Can I Use A Smart Thermostat In My Home?

By Tyler Karstensen on 05/08/2019

Before purchasing any Smart Thermostat you should be asking yourself, is my home's wiring compatible with a smart thermostat? As you may be able to tell, not all homes heating systems are wired the same. Home thermostats and HVAC systems are wired in two ways; Line voltage, and Low voltage.


Home Thermostat Types

Line Voltage

A close up of electronicsDescription automatically generatedLine Voltage or High voltage home thermostats are typically used for baseboard heaters, electric room heaters, radiant heaters, and forced fan heaters.

High voltage ac thermostats typically come in 120V and 240V varieties and operate on a room-by-room basis, meaning each room has its own thermostat.



Low Voltage

Low voltage, as the name implies, run on much less power, around 24V.

Low voltage systems are set up to run the entire heating and cooling system from one thermostat, so changing the settings will affect multiple rooms.




Check out our blog on line voltage vs low voltage for a more detailed comparison. 


Wiring Guide


The easiest way to tell which kind of thermostat you have is to pop the faceplate off your thermostat and look at the wires.

Line voltage thermostats will only have 2 thick, braided wires.

Low voltage systems will have anywhere from 2 to 9, small gauged wires.



If you have determined your system is low voltage, you will need to locate the C-Wire.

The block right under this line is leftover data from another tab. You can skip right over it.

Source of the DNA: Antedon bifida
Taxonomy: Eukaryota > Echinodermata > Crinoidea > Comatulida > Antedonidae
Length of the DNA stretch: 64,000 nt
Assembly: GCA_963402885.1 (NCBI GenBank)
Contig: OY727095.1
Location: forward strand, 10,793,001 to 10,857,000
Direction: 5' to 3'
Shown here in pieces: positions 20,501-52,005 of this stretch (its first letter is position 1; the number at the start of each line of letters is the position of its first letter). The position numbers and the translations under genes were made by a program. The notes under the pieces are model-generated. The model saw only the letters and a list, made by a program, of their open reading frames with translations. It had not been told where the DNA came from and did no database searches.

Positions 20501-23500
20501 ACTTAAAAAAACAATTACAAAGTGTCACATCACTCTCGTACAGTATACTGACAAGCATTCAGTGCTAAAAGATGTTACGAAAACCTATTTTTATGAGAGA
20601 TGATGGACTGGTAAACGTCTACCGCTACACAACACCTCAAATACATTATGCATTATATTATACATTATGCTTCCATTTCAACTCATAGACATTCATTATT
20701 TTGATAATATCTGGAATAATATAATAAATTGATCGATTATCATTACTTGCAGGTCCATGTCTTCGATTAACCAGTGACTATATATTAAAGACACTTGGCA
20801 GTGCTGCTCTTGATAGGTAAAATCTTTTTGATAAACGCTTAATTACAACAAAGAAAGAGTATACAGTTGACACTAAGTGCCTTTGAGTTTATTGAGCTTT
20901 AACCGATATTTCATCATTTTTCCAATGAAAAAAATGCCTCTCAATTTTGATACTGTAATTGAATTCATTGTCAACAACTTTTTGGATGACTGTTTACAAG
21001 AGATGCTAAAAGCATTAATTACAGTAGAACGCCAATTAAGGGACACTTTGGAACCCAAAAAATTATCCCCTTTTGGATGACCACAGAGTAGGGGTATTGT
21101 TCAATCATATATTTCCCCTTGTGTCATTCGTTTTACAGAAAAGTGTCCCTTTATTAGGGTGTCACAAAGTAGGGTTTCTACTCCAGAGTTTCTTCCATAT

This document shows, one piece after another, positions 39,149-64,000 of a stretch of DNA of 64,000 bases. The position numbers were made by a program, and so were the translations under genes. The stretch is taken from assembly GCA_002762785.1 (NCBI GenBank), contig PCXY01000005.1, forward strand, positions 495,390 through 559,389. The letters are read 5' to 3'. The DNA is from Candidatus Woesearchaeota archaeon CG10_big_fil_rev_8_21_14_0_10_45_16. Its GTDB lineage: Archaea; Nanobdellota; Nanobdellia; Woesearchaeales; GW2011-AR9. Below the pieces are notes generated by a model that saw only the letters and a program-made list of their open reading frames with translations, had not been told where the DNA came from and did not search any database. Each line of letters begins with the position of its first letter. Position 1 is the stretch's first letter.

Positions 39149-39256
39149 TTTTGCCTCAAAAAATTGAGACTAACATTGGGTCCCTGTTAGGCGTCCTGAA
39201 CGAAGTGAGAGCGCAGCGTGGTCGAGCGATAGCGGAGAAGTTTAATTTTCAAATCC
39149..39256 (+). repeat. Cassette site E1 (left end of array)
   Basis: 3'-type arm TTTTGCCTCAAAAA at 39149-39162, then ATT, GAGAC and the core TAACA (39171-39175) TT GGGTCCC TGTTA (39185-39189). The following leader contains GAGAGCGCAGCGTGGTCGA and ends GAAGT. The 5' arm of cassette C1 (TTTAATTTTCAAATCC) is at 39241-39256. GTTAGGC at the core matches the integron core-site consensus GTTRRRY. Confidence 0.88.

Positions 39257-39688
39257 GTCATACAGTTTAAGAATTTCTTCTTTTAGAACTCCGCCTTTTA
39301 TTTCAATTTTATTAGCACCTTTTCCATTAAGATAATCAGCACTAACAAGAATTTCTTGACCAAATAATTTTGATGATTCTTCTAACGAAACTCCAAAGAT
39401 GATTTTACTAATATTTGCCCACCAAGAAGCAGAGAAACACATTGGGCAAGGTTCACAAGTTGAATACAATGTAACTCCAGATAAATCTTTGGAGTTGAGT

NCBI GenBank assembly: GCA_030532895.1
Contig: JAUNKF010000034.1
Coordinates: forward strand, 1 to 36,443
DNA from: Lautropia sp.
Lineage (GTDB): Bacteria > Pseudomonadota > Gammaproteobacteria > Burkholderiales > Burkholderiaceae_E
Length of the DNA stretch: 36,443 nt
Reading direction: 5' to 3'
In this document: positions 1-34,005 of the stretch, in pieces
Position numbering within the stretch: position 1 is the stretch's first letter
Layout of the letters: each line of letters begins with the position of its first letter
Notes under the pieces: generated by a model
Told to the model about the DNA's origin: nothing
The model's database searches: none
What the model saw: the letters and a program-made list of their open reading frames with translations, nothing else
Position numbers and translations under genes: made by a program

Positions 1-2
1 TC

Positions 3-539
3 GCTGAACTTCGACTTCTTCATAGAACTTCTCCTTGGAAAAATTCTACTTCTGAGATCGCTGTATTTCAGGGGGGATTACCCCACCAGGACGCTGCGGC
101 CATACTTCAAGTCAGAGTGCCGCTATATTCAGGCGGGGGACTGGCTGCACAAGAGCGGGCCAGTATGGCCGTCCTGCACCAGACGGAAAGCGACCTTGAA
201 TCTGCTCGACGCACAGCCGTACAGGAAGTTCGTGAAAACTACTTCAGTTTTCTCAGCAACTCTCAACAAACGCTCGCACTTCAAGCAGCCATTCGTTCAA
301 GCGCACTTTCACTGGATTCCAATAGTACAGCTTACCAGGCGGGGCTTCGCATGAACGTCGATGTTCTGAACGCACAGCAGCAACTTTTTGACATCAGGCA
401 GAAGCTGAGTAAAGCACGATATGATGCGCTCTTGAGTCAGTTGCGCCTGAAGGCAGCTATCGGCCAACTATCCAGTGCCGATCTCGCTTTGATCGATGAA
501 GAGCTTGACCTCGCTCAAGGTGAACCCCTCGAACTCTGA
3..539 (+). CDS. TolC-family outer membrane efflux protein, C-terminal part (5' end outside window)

The common wire is responsible for sending power to the thermostat, and without it, the wireless thermostat won't function properly

If no C-wire can be located, one can be installed, but HomElectrical recomends leaving any wiring installation to an electrical professional.



In the USA, 90% of homes are using low voltage systems like a central furnace or a heat pump or a boiler as their heating/cooling system. Only about 10% of homes are using line voltage systems like a baseboard heater or a forced fan heater or a convector or a radiant ceiling heater.


Conclusion: Smart Thermostats

In the end, most wireless thermostats, the Nest and Ecobee for example, are low voltage. A line voltage system really limits your options in terms of smart thermostats.

Stelpro, with Z-wave technology, does have a selection of Wi-Fi thermostats that are line compatible, unfortunately, you will have to purchase a smart thermostat for each digital thermostat or an analog thermostat that you are replacing.


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Learn more about HVAC by checking out these blogs below:

  1.  What is the Difference Between a Line Voltage Thermostat and a Low Voltage Thermostat?
  2.  Stelpro Smart Thermostat Shopping Guide
  3.  How to Install a Single Pole or Double Pole Thermostat on a 240 Volt Baseboard Heater

  4.  What is the Difference Between a Single Pole and Double Pole Thermostat